Fundraising Diaries - "I Bridge Walked as a Clown"

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Fundraising Diaries -

Fundraising Diaries - "I Bridge Walked as a Clown"

An Interview with Gillian McNicoll

Name: Gillian McNicoll

Age: 42

Hometown: Edinburgh


Hi Gillian, how's it going? So we hear you are currently fundraising for your upcoming gap year to South Africa - what will you be doing out there and how long are you going for?

I am going to Cape Town for seven weeks and leave on the 1st of June. I will be working full-time between two health clinics who work with people affected by HIV / AIDS. I will be an intern there and will help with lots of different things, including counselling and campaigns, cleaning, home visits and helping with the food programme. I will also be working with local children in an orphanage, teaching English, crafts and games.

What attracted you to this placement?

I am currently studying for a Health Sciences degree and am keen to have some experience behind me, while at the same time do something worthwhile. I wanted to go somewhere where I could volunteer on a health placement that did not require much experience and one that accepted mature students! I will also be staying with a local family, which will be great as I will be living in a local community and getting to know the people.

Do you have any travelling planned for after the placement?

I am not planning to travel afterwards, but I will be going on weekends trips whilst on the placement, mini safaris, day trips to beautiful gardens and beaches, and general sightseeing.

How much money do you need to raise to finance all of this?

The money required was around £1,600 but I had not allowed for sightseeing money! It was daunting to begin with, but I thought I had plenty of time. However, time passes really quickly when you're a student doing essays, exams, work placements, as well as having a life!

The programme fees (which includes a minimum donation to the projects, main meals and accommodation) totals £800 for seven weeks. I estimated flights and insurance at £500-600 and spending money at £300. I am also buying some craft equipment to take with me which I reckon will cost around £50. Any extra money I raise will go directly to the projects.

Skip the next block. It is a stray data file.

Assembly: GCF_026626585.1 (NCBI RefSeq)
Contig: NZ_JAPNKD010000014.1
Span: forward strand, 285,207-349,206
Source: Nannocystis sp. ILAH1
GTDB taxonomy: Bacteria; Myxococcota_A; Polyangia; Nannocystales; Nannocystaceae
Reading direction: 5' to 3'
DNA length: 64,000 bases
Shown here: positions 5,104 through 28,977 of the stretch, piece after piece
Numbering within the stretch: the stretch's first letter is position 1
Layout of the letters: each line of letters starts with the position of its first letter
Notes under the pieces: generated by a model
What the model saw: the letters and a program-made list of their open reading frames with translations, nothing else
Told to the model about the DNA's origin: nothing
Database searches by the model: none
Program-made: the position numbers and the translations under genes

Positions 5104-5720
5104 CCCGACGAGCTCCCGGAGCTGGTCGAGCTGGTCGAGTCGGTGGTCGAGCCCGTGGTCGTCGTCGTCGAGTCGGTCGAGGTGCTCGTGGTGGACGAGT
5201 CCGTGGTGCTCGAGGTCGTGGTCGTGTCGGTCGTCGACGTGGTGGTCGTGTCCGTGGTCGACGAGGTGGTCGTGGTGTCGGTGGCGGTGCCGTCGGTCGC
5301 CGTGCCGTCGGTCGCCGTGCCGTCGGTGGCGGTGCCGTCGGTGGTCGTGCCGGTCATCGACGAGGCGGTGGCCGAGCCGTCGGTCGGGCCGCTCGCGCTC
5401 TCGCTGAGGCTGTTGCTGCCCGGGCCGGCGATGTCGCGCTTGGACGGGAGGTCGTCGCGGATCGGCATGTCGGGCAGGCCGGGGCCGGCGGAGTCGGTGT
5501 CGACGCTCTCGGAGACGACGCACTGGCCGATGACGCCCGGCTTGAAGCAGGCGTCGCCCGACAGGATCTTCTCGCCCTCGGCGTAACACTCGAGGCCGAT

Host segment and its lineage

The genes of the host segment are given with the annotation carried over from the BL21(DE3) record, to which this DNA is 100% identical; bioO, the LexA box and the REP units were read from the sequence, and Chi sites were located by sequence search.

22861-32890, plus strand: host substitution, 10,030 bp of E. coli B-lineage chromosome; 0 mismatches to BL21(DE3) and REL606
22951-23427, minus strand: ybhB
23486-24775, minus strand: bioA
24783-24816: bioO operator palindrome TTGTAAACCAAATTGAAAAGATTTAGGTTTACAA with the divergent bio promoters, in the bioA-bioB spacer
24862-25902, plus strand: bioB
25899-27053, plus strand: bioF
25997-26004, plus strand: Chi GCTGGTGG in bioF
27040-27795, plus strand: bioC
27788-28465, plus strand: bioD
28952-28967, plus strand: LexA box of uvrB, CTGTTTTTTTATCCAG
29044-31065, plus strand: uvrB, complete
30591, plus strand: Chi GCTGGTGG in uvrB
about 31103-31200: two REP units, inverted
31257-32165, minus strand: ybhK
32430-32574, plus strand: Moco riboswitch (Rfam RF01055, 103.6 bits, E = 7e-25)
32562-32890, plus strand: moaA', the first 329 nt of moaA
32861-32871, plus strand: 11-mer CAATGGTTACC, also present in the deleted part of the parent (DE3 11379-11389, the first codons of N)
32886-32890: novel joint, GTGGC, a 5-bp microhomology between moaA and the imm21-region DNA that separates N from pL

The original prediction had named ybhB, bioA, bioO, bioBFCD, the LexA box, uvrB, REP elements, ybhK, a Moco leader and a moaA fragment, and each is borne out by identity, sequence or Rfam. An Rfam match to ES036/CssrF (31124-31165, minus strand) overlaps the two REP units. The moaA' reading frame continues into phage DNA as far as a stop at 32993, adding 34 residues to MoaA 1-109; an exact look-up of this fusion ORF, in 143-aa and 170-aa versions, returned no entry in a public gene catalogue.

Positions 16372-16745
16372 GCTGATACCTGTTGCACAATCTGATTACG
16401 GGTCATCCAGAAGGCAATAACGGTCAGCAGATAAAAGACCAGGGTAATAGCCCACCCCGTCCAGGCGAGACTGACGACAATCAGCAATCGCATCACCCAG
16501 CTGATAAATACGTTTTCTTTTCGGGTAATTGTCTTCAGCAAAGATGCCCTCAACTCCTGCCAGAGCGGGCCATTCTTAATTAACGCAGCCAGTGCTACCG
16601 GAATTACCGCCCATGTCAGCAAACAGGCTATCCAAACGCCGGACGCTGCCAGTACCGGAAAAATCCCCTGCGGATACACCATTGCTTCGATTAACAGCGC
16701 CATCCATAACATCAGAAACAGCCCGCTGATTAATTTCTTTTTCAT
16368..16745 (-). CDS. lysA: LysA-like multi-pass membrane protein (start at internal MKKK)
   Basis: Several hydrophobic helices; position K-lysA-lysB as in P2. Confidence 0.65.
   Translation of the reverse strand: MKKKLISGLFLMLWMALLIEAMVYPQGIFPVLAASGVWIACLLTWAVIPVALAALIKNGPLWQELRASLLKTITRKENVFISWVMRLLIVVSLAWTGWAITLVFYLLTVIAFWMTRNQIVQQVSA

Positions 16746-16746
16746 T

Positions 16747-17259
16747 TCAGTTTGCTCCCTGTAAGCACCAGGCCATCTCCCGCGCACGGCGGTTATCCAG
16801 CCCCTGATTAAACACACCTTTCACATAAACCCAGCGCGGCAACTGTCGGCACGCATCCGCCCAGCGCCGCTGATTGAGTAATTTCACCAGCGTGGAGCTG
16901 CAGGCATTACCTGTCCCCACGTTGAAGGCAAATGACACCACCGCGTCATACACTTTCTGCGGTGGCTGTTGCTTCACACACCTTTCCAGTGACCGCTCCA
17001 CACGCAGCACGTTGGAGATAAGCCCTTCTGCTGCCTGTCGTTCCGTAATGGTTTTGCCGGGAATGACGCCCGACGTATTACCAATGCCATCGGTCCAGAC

Is all of this money coming from fundraising or are you working too?

I applied for the Napier University's Student Grant and received £700 to pay for my flights and insurance, which actually cost £500. The remaining £200 is going direct to the HIV / AIDS projects I am working for. Unfortunately, I wasn't able to put much money aside from my job until recently, but have got £200 from my work as an IT cleaner. I need a bit more spending and sightseeing money and hope to put some more away by the time I go, so I can afford trips, sightseeing, and Internet access as well as a contingency fund!

So what fundraisers have you come up with so far?

The main fundraiser was my recent sponsored walk over the Forth Road Bridge dressed as a clown! My other ideas include selling books in online books stores and auctions, a Rumble in the Jumble Sale, a car boot sale and selling soft toys.

What gave you the idea for the bridge walk and how did the event go?

My friend Mhairi did a sponsored walk a long time ago on the bridge and it seemed like a good idea. Plus I am scared of heights, so figured that it was challenging enough to get people interested enough to sponsor me.

The event was fun and the weather was fantastic; it was a little scary at times as I am afraid of heights but it wasn't too bad as I had the company of two friends, Mhairi Mitchell and Helen Carlyle, who both walked with me. As we were walking, lots of cars, vans and lorries beeped their horns in encouragement at us and lots of people stopped us and asked what we were doing. It was really great to see smiles on people's faces.